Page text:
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Editing within Movie Maker 2 ... how to remove unwanted "junk" video
Last updated 6-10-03

The most useful aspect of computer video editing is that you can weed out all the “junk video” that finds its way into everyone’s home movies. I don’t know about you, but I believe that 95% of home movies are incredibly boring … mostly because you have to sit through hours of inane film in order to get to the few minutes of interesting material. I’ve found that the audience attention span for my own “fantastic” home movies is very short … so I now try to keep all my own movies under 5 minutes long.

There are many kinds of “junk video” that you might want to remove from your home videos …

  1. Zooming
    Overzealous use of the camcorder’s zoom function is the number one sign of a beginning videographer. Zooming tends to make your audience sea-sick and should only be used for framing shots (ie. Zooming between recorded scenes). Fortunately, you can edit these zooms right out of your videos and only show the wide establishing shots followed by close-up shots.

  2. Preparing to speak
    If you are filming a narrator or filming a family member, there’s always that couple of seconds where they say “Ok … is the camcorder running?” Now you can cut that part out and start right with your interview.

  3. Stillness
    Good video needs motion … action … something happening. For example, if you are filming a birthday and it takes your small child two minutes to open his birthday present, consider cutting out the middle 1.5 minutes. Your audience wants to see the motion … your child’s delight at seeing the present, and the triumph of getting it open. Unless the child gets an exciting paper-cut, the rest of the video is unnecessary.

There are several ways to get rid of junk video, and a video editing program like Movie Maker 2 makes it easy.

  1. "Manual capture” only the video that you actually want
    When you transfer digital video from a camcorder to your computer, Movie Maker gives you the option of “manually capturing” your video, letting you decide exactly what sections of your tape you want to transfer. This allows you to capture ONLY the parts of your video tape that you want in your finished move, thus saving you a lot of precious hard drive space. While Movie Maker gives you the option of capturing an entire video tape, I rarely do this because 75% of my video is “junk” that I never want to watch again.

  2. Cutting clips in half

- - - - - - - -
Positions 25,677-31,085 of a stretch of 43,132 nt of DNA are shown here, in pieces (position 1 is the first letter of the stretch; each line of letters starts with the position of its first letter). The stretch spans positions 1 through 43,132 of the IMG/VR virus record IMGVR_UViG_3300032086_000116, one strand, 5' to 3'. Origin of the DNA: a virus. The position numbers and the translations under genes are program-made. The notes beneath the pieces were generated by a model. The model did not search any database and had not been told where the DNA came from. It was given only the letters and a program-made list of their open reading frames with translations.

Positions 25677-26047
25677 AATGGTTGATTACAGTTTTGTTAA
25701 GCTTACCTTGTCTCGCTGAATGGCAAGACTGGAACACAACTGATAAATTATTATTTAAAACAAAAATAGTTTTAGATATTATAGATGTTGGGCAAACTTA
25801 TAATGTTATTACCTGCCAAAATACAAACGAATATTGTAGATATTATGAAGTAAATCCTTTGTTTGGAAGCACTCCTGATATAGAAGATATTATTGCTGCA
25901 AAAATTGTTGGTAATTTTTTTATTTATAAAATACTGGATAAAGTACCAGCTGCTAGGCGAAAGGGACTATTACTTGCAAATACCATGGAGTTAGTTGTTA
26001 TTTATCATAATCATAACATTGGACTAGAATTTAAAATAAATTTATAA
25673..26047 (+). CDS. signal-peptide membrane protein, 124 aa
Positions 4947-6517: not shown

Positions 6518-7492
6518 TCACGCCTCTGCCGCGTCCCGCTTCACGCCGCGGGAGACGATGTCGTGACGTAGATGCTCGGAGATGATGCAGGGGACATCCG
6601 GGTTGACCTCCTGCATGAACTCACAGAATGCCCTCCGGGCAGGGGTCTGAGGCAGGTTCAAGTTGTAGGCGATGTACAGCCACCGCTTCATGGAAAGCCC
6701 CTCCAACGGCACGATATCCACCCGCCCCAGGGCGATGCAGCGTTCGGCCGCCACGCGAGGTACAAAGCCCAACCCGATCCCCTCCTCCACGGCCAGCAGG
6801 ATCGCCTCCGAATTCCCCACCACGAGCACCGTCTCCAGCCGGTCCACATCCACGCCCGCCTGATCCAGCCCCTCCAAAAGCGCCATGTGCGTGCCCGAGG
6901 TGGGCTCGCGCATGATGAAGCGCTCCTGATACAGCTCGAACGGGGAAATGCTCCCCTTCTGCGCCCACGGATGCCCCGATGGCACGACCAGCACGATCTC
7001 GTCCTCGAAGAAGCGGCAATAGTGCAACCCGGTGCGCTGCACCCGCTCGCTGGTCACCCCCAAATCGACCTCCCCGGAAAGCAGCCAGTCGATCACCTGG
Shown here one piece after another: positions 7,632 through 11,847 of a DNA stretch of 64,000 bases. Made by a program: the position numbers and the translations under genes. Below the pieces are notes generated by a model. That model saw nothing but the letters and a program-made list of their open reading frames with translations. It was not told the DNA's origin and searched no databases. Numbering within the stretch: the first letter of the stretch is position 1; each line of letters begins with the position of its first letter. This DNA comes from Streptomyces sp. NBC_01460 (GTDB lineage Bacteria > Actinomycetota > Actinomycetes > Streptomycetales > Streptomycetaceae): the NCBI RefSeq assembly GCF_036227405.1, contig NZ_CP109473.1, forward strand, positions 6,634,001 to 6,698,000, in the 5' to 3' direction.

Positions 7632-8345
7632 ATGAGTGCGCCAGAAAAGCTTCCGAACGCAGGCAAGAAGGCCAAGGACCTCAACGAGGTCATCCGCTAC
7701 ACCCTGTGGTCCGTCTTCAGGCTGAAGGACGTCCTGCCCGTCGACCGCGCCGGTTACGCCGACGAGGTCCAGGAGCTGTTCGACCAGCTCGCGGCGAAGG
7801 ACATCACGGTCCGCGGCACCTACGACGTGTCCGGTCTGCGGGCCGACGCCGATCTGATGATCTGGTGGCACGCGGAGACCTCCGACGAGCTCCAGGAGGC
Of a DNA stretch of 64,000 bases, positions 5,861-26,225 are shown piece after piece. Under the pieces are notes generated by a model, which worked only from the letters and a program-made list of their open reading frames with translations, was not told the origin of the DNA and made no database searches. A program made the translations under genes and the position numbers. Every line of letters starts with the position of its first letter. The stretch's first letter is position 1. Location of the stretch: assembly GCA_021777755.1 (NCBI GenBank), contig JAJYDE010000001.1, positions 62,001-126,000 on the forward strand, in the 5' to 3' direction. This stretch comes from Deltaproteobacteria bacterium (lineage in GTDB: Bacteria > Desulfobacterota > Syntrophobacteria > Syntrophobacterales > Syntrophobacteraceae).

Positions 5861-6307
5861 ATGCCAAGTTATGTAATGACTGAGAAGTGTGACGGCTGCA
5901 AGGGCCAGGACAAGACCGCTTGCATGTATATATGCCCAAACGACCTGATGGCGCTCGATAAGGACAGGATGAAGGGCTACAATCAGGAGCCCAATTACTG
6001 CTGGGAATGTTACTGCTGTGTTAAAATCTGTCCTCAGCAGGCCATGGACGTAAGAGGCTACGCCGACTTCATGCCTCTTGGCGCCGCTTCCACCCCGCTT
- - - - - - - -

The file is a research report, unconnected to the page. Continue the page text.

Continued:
Movie Maker allows you to “cut” your video clips in half. This is a great way to get rid of large chunks of “junk film.” You cut your clips in two different places within the program … both in the preview monitor, and also while working on the timeline. Simply find the location you want to cut and click the “cut button” located under the preview monitor.

    Cutting clips is great way for getting rid of large areas of video (or breaking up clips that you want to place at different places on your timeline). The only problem with cutting is that you must stay organized -- if you cut 30 separate video clips, you’ll end up with a whooping 60 video clips in your video collection and that can be hard to sort through.

  3. Trimming the ends of clips
    For the finest control, you can trim the ends off your clips by setting the exact “in and out” points of each video clip. While working on the timeline, simply “drag the ends” of each clip to the exact point that you would like it to start and stop. You can accomplish very fine control of each clips start/stop points by trimming … especially if you zoom in on each clip using the magnifying glass.

As you can see, deleting unwanted film is very easy to accomplish within an editing program like Movie Maker 2. This gives you much more freedom when you actually film … as now it’s OK to film your kids’ entire 2 hour soccer game. You can always edit out the junk (those other pesky kids) using your computer. After all, film is cheap, and you never when you’re going to film that surprise goal!

Next: Trimming Clips (video)
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You can find more useful home-video "tips and tricks" like this one at www.mightycoach.com - they even have an online-video course that teaches you to edit video on your home computer!

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